From a sermon by Rev. William Gleason:
Like many biblical stories, there are many pictures, icons and statues depicting Doubting Thomas; but the one I find most remarkable is the one painted by the 16th century artist Caravaggio. In it, Thomas is portrayed in a most animated, almost humorous, pose of skepticism: he is bent over so he can peer closely into the side of Jesus, his left hand perched doggedly on his hip, and his eyes are opened wide in order to scrutinize every bit of this wound. His right wrist is held by Christ, as He draws Thomas’s hand, his index finger extended, right into the hole that is in Jesus’ flesh. Two other disciples stand watching, mouths gaping open, as if they are more astonished by a shameless act of touching, than by the miraculous appearance of the crucified Christ.
But here is where Caravaggio has captured most vividly an essential element of this scene. Unlike many other pictures where Thomas is barely touching the body of Christ, this artist has Thomas’s finger stuck right into the side of Jesus, so much so that the Savior’s skin is pushed up by Thomas’s knuckle. Seeing this graphic illustration, I, too, find myself scandalized by this impetuous invasion of Jesus’ body. But that’s it! It’s Jesus’ body—His real, flesh and blood, living body. I can empathize with those men and women who simply could not believe what they were seeing. Or, perhaps, to put it more accurately, could only believe what they could see. . . .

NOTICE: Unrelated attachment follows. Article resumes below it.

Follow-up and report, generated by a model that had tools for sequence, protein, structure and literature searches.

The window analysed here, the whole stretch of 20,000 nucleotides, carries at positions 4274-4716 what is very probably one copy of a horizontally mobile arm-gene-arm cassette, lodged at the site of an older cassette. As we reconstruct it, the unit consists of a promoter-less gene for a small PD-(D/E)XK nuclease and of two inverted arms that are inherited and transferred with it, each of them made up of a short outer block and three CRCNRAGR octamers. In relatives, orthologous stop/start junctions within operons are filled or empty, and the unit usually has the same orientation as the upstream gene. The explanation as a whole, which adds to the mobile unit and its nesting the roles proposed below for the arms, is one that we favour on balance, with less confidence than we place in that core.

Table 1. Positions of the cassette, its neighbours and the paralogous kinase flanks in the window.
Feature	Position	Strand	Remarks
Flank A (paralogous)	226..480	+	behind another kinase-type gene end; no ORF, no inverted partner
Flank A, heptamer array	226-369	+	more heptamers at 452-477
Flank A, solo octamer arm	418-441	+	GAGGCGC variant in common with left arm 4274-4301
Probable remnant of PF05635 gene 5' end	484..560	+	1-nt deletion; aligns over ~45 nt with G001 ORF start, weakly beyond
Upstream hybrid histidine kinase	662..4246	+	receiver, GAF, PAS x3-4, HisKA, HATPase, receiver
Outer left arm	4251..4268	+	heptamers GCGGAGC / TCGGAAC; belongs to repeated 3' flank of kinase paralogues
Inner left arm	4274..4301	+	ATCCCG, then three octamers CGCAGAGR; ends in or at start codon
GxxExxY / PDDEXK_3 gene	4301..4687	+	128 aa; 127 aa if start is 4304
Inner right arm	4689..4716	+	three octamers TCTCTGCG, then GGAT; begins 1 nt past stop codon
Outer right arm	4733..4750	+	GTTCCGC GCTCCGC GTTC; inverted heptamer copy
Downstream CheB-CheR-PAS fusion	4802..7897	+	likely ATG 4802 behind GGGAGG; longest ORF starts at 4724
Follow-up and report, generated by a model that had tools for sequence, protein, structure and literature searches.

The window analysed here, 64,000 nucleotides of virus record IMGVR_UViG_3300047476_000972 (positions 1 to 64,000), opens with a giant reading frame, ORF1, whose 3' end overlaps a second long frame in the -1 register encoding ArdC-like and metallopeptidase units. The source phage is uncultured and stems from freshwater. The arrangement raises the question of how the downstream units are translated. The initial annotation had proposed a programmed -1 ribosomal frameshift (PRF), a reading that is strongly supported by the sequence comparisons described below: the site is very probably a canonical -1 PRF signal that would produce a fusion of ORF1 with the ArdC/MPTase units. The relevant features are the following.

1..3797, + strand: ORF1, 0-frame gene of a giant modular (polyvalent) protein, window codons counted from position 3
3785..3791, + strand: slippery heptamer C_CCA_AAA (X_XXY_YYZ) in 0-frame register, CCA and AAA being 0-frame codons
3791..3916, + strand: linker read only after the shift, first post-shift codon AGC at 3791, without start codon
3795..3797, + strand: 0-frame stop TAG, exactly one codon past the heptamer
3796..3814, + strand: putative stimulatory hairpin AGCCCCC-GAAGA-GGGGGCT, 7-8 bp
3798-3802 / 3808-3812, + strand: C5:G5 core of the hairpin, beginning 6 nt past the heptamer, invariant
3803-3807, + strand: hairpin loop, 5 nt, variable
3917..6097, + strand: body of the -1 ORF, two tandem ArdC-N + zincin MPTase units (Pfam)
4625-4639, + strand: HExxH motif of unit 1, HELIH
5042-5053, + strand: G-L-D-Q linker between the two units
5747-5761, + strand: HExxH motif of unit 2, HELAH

Through the testimony of His Apostles, Christ continues to proclaim His victory over the world. When He showed Himself to them, He breathed on them His Holy Spirit and gave them the office and the authority that sets people free from the darkness of death: the Ministry of the forgiveness of sins. It is in forgiving sins that Christ imparts life and salvation. That forgiveness He dispenses by His Word and Spirit, by the preaching of His Gospel and Sacraments. The voice of Christ’s minister absolving sins is the voice of Christ absolving sins. The proclamation of the Gospel in the Church is the breath of the Spirit blowing through our land. The baptismal Font and the holy Chalice is where we find the flood of cleansing water and blood pouring forth from the side of Christ. And in the blessed Host the very body that Thomas once put his hand into, is now put into your hand and mouth so that you may believe and confess Christ as Lord and God. And when we sing after every Lord’s Supper, “Mine eyes have seen Thy salvation,” we are making the bold confession of all those who behold by faith the risen Lord Jesus Christ.